At this point I'll note that there are NO land records for Hugh Coyan in Beaver, Washington, or Allegheny counties up to the point that they moved to Jackson county, Ohio - which confirms to me that he, just like his father Edward (whom no land deeds exist for either) was just a poor farmer trying to make ends meet and feed his family, like most other people in that era.
Between the spring/summer of 1840 (when the census was taken) and the spring of 1842 (when William and Elizabeth's 2nd child, Hugh John, was born in Jackson, Ohio) Hugh and Elizabeth decided to move to Jackson, Ohio. I have studied the 1850 Jackson, Ohio census as well as the 1840 census for Moon Twp., Allegheny county, PA. and one thing I find striking is that MANY OF THE SAME MEN APPEAR IN BOTH CENSUS- so it is my guess that quite a few of the Allegheny county folks from Moon Twp. decided to come to Jackson, Ohio - Hugh and Elizabeth were probably just following "friends"after they had gotten word back from those who had already ventured West.
In the spring of 1844, they came down the Ohio River, settled and later purchased 40 acres of land in Scioto township of Jackson county. The curious thing to note on this deed is that "HUGH's NAME IS NOT ON IT! It appears that Hugh's wife Elizabeth and son William became co-owners of this 40 acres. A couple of possibilities exist here: (1) Maybe Hugh had become "incompetent" due to a stroke (although I would note that he had made the trip from PA. just a couple of years prior and was still alive in the 1860 census, so I don't personally believe this is the case). My theory is that Hugh's wife Elizabeth had come into an inheritance and thus the family now had the money to by some land.
My reason for believing that Elizabeth had received an inheritance is simple and logical - and to date I have found nothing to dispute it and several records that only confirm it. Remember William McDonald? It turns out that he is still alive in the 1840 PA census. I do NOT find him in the 1850 Pennsylvania census - reasonable assumption - he has passed away, since he would have been in his 70's.
It just so happens that I am in possession of a Beaver county deed record whereby John McDonald (again, William's father) had set aside land for William in that county in the early 1800's. That land was to be given to William's CHILDREN upon his (William's) death!! Coincidence - perhaps - but I think not. In truth, we may never know, since William McDonald left no will or intestate record in Beaver county upon his death. Hopefully, more deed research in Beaver county will answer the question. For now, my belief is that Elizabeth's "share" of the money for this Pennsylvania land is what allowed them to purchase the Jackson county, Ohio farm.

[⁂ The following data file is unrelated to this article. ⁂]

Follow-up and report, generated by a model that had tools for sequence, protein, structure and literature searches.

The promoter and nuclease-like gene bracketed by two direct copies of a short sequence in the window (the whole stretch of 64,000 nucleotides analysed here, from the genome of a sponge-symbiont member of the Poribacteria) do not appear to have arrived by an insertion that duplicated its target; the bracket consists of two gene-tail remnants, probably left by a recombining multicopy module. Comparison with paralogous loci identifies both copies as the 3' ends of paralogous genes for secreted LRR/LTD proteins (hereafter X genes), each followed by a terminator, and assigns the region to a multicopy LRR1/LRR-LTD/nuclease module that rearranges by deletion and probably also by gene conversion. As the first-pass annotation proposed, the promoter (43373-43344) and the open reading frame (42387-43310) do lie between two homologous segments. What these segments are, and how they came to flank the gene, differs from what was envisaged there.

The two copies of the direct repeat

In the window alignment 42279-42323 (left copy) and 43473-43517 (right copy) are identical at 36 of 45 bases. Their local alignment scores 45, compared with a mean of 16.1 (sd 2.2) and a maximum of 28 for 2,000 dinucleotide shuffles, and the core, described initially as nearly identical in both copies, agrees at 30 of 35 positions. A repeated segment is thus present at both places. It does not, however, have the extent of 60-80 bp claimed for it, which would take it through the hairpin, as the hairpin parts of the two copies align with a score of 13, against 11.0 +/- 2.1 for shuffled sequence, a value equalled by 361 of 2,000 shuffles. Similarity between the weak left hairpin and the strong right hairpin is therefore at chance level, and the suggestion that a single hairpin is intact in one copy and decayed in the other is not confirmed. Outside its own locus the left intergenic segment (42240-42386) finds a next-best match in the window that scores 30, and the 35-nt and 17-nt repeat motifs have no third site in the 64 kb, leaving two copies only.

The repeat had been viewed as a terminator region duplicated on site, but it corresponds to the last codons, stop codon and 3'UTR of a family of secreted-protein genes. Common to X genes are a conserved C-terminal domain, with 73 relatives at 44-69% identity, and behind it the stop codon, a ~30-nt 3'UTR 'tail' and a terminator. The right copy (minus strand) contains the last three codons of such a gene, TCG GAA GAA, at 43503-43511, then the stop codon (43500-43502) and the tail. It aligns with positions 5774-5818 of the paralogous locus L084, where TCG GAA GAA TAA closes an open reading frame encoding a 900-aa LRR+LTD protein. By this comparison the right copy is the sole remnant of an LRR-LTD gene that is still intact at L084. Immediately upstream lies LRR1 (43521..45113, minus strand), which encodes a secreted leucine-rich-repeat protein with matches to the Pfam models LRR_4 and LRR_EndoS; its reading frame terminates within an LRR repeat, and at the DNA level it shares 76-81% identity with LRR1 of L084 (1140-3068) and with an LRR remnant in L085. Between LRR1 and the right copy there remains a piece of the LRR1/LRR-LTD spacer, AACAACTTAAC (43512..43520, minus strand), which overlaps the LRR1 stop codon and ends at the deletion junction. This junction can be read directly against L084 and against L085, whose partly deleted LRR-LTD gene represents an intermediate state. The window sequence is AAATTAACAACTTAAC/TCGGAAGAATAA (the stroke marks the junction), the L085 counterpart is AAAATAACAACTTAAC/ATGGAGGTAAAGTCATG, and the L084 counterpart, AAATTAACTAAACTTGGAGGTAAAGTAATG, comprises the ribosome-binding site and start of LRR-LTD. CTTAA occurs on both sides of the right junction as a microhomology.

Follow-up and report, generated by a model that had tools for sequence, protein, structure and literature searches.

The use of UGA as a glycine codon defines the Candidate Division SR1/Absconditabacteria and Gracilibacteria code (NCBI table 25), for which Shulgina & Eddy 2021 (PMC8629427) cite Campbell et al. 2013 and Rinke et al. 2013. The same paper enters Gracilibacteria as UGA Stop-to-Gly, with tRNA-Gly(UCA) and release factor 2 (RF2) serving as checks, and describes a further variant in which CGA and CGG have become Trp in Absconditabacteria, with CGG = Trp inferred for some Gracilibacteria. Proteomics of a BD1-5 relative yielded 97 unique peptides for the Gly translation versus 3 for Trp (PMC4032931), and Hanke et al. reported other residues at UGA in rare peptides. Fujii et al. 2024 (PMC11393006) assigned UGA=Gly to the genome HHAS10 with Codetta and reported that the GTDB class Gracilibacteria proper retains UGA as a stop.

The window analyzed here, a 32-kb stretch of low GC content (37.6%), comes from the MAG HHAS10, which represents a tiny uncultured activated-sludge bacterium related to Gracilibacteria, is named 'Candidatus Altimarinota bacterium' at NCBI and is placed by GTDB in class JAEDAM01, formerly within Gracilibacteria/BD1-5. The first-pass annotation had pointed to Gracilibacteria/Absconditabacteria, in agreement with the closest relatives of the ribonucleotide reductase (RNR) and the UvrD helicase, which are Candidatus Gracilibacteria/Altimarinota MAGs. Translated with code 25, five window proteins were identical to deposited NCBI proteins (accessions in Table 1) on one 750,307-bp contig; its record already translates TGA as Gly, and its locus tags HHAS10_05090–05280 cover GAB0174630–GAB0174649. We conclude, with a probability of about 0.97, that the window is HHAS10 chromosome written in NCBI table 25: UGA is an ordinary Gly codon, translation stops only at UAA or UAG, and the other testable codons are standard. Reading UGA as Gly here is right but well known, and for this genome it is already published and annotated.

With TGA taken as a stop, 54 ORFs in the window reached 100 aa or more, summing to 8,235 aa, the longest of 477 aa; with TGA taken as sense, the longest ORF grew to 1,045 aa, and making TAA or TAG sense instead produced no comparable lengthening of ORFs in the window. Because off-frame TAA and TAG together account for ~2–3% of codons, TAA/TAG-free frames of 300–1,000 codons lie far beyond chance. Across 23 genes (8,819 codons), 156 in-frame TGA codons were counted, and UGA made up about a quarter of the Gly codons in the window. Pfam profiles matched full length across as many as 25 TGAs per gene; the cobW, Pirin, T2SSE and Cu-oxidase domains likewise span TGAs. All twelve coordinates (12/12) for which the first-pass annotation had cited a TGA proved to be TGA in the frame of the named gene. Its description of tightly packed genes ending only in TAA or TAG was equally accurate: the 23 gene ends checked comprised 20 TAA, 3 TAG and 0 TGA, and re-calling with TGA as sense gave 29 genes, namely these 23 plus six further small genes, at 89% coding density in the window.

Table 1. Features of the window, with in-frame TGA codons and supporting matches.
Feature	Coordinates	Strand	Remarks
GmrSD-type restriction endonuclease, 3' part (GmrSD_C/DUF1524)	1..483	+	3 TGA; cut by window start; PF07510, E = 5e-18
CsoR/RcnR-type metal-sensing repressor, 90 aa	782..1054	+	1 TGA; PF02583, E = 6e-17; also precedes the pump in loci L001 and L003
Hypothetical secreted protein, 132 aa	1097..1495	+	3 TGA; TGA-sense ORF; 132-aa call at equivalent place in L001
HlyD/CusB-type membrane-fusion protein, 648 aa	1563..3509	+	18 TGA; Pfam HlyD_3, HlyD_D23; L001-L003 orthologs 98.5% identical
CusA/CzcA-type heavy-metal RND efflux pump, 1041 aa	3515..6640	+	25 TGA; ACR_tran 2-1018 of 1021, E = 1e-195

Another question that bothered me for years was "how did the family get from Allegheny county, PA, to Jackson county, Ohio?? I felt that the 2 most likely scenarios were that Hugh and Elizabeth either took a land route via the National Road, which headed due west from Washington, PA., into Zanesville, OH., and then on to Columbus, Ohio. They could have then taken a "road" south from either of those 2 places into Chillicothe (the first capital of Ohio and still a prominent city at the time) and then onto Jackson.
However, it was always my belief that the family took a boat from Pittsburgh down the Ohio River and on to most likely Gallipolis or Portsmouth, Ohio (both bustling river towns at the time and each only 30-40 miles from Jackson county). Why did I believe this? Because Hugh Coyan had a brother, William Theaker Coyan, who was the only son of Edward & Sarah Coyan to stay his entire life in Pennsylvania. It just so happens that one of the documented (I'll post it soon) occupations of William T. Coyan was as a RIVERBOAT CAPTAIN!!
In July, 1999, my "suspicions" were confirmed when I attended the estate auction of my distant cousin Chester Coyan in Bourbon county, Kansas, and had the opportunity to meet Chester's nieces and nephews. A few days after I returned to Ohio, JoAnn Coyan called me and said "I have a piece of glassware in my china cabinet with a note in it that I want to read to you".
The note had been hand-written by her husband Conley's grandfather, Fernando Coyan, in the 1957. The note stated that "My great-grandmother Coyan carried this pitcher in the bosom of her dress on the boat from Pennsylvania to Ohio".
I nearly dropped the phone as it occurred to me who this lady was - my gggg-grandmother Elizabeth Coyan (Hugh's wife)!!! What is striking is that if this pitcher was THAT important that she personally carried it with her, then could it be that it had been passed down to her by her mother, grandmother, or Hugh's mother/grandmother.
Could it be that piece of glass came out of Maryland with the family in the 1700's!! According to Fernando Coyan, who wrote the note, it was over 200 years old in 1957! I hope that Conley and Joan can at some point have this pitcher "dated" as to when it could have been manufactured... Here is a picture of that pitcher